Tales and thoughts from the founder of NormSoft (maker of Pocket Tunes), working and living in St. Croix, USVI

Wednesday, May 28, 2008

Now the post office is returning mail to me that I sent BEFORE the rates went up. This is ridiculous.

Tuesday, May 27, 2008

For my weekend project, I moved three palm trees from one corner of our courtyard to another. Check out my Flickr photostream for pictures. Damn those trees were heavy.

Once I got an 18" trench dug around the tree, I used 3/4" and 3/8" drill bits to drill a bunch of holes into the dirt between the tree and the concrete walkway (there wasn't enough room to dig anything). This loosened up the dirt enough to free the tree, and it fell over quite easily. Then I had to lift the tree out of the hole and onto a hand truck and move it to the other side of the courtyard. I would guess the trees with the root ball weighed easily 200-300 lbs. The thorns on the palm fronds didn't help.

Digging the new hole was relatively easy. Propping up the trees while I backfilled it was not. I probably should have gotten a friend to help, but I managed on my own. I'll have to support the trees with concrete blocks and mounds of dirt for a few weeks probably, until the new roots take hold. They are in the ground pretty solid, but the trees are tending to lean slightly. In addition, I'll need to water them every day to promote root growth and keep them from drying out with their reduced root structure.
Broadband VI's Internet service has gotten increasingly unreliable lately. I'm getting disconnected several times a day, and I sometimes have to reset the router because I can't connect to our company's VPN. Right now the whole island of St. Croix is offline. (I'm online through my Sprint broadband connection, which works really well but is too high latency for VOIP or gaming, so I don't use it regularly.)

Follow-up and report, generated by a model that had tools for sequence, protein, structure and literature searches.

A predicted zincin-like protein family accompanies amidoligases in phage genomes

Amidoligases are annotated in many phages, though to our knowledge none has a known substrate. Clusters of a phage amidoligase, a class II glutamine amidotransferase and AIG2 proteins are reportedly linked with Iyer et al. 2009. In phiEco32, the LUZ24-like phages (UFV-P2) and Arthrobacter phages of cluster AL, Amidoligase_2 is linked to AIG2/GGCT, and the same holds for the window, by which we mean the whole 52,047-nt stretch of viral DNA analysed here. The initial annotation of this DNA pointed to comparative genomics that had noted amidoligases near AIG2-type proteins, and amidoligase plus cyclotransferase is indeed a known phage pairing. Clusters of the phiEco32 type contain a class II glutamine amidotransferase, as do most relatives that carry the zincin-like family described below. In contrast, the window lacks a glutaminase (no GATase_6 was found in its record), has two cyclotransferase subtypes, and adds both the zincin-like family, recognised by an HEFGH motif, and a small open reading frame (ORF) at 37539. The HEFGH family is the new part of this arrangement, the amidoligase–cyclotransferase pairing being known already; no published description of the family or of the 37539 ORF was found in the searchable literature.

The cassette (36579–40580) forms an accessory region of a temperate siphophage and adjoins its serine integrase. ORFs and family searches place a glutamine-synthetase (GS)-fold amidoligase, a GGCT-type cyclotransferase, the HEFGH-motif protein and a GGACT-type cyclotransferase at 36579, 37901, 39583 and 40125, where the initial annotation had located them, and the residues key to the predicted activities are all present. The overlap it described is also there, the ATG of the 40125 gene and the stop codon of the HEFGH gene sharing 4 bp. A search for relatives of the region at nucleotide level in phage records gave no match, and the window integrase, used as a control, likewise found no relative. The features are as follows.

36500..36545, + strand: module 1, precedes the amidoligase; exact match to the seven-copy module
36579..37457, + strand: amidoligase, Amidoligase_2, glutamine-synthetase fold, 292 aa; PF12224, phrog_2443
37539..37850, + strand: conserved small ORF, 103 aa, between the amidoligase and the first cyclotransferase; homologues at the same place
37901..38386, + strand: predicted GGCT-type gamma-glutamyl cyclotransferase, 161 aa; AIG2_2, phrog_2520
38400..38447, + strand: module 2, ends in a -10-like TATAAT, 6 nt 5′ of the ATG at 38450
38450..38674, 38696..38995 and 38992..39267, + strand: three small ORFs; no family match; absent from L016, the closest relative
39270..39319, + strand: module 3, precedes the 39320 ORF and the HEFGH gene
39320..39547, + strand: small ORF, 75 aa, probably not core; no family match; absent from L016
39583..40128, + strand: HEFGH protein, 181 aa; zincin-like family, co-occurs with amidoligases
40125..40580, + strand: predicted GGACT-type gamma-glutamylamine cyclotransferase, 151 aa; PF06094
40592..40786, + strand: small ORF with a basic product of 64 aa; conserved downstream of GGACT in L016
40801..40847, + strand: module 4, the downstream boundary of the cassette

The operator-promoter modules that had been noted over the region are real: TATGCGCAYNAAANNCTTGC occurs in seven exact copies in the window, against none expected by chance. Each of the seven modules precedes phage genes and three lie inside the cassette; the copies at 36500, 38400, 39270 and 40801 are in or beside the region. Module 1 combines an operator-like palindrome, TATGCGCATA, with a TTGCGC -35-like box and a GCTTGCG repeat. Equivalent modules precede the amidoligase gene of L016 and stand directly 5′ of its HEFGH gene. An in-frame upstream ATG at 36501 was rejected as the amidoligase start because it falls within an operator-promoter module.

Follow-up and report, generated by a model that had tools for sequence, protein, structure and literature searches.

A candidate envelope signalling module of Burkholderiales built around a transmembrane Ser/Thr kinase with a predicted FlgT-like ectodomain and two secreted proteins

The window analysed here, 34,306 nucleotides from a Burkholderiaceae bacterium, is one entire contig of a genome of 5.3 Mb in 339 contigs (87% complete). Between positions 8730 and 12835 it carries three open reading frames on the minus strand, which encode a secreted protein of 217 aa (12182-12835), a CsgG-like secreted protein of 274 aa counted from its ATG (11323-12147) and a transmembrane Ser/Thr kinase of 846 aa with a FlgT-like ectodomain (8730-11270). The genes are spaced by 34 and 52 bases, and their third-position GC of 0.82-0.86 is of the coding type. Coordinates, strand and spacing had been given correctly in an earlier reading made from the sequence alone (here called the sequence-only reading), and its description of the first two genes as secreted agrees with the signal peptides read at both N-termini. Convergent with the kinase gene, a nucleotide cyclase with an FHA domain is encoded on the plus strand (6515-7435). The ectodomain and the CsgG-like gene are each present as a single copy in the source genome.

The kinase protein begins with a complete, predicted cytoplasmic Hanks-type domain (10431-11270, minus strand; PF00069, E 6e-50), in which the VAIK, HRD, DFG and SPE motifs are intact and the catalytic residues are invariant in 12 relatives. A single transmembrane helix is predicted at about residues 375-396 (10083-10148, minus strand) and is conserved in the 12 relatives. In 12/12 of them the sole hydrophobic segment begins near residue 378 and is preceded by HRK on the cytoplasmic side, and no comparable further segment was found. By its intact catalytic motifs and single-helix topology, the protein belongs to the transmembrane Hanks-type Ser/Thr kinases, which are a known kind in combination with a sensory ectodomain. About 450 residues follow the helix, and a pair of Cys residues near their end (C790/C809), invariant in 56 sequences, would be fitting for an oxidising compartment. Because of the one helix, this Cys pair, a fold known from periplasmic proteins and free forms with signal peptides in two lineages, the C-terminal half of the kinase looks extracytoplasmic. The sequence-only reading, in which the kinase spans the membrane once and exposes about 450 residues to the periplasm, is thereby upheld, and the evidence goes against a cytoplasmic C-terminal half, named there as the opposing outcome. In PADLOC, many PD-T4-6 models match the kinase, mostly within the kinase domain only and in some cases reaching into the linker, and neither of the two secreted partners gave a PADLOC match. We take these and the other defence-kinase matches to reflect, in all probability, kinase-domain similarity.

I'm headed to the phone company, Innovative, tomorrow to sign up for their $39.95/month DSL package (1Mbps) so I have a backup connection.

Thursday, May 22, 2008

Solar PV generation costs coming down in the next few years, and new solar technology almost as cheap as wind power: http://blogs.spectrum.ieee.org/tech_talk/2008/05/photovoltaic_moores_law_on_tra.html

Wednesday, May 14, 2008

The US Post Office is a pain in the ass. All my mail that I dropped off in the mailbox Sunday just got returned to me because the new rate went into effect Monday, and I owed 1c. How much money did they lose returning that mail to me and re-delivering it?

It boggles my mind that they don't just raise the rate 5c instead of raising it 1c every damned year. The Forever stamps are nice, if our post office would ever have them in stock.

Monday, May 12, 2008

We've been considering installing solar PV panels on our roof. One of my main concerns about PV has been whether or not the cells actually generated more energy than they cost to make. Based on the prices to the consumer, it seemed to me that installing PV panels was akin to importing energy from somewhere it is cheaper.

In other words, we are paying nearly $0.33/kWh for power here. It will take around 10 years for a PV installation to pay for itself, including installation fees, shipping, the inverters, and other stuff necessary for install. The lifetime of a PV panel is about 20 years. So it seems like that would be akin to taking energy from somewhere where it costs $0.165/kWh and importing it to St. Croix. (20 years x $0.165/kWh = 10 years x $0.33/kWh)

However, according to http://www.ecotopia.com/apollo2/pvlever.htm , PV panels should produce much more energy (on the order of 9-17 times) than they take to create. That's good news, but it doesn't explain why the cost is not 1/17 to 1/9 of what I'm paying for electricity.

My assumption is that this difference is accounted for in overhead, profits, distribution, shipping, middlemen, installation, and other costs not included in the raw cost for creating the panels.

Though we may consider a PV installation, I think our next step is to try to reduce our energy usage. Air conditioning is ridiculously expensive here, and a lot of that is due to our poorly-insulated house (it was designed before a/c with an open-air design, so it's not well-suited to air-conditioning).

I may also wait a few years to see what happens with PV panels and concentrated solar generators. Wind power would be great here, but our home owners' association would probably frown on it. The local laws prevent homeowners' associations from restricting the installation of solar and wind power (except to suggest alternative installation locations that would not dramatically affect energy produced), but our C&R prevent installing anything to obstruct another lot's view, and I don't want to test the boundaries of those rules...